DALLAS (AP) — The CEO of Southwest Airlines said Wednesday bookings for early summer travel look strong.
Gary Kelly also expects the recent drop in oil prices to give his airline a bit of a break from soaring fuel prices.
Demand for travel has been strong enough for airlines to raise prices — seven times at Southwest since the start of the year.
Kelly cautioned that fares hikes could go too far and cause people to cut back on travel. He doesn't think that has happened yet, however.
"You never know when you hit that tipping point until you hit it," he said.
If fare increases have been driven by rising fuel costs, as the airlines insist, the pressure may be easing, at least temporarily. Oil prices have fallen more than 11 percent so far in May. Southwest said Wednesday that it expects its 2011 fuel bill to rise $1.3 billion over last year's $3.62 billion tab. It previously forecast a $1.5 billion jump.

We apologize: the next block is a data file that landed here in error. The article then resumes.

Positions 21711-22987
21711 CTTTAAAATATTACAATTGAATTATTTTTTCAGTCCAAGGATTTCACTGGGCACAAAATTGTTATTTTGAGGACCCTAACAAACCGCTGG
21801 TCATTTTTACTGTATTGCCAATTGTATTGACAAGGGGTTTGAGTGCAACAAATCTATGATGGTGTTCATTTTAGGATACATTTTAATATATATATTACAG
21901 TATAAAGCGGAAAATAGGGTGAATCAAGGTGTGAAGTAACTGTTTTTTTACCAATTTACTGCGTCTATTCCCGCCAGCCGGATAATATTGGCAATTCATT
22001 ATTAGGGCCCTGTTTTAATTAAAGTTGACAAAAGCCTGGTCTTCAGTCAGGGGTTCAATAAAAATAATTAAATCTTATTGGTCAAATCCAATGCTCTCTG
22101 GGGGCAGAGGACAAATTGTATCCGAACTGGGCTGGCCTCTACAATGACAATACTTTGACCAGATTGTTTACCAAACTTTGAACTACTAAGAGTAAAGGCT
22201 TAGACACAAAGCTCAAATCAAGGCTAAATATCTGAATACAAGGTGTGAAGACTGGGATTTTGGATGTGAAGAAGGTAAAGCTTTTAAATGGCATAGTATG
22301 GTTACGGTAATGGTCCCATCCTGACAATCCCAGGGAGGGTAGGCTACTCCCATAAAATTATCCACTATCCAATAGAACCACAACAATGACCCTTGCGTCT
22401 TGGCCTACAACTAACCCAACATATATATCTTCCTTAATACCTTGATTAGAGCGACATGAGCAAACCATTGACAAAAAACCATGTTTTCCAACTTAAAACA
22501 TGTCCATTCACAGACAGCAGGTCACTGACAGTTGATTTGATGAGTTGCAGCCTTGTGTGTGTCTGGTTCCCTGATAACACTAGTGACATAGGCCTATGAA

Kelly also said at the company's annual shareholder meeting that Southwest isn't planning to increase its dividend until it can hit ambitious profit targets.
Dallas-based Southwest carries more U.S. passengers than any airline. In the first three months of this year, passenger traffic soared 11.9 percent over year-ago levels, and at higher average fares. That helped Southwest scratch out a $5 million profit last quarter while its four biggest rivals lost a combined $1.08 billion.
This month, Southwest completed the purchase of AirTran Airways but will operate it as a separate airline until next year. It plans to eventually drop AirTran's baggage fees and first-class cabins.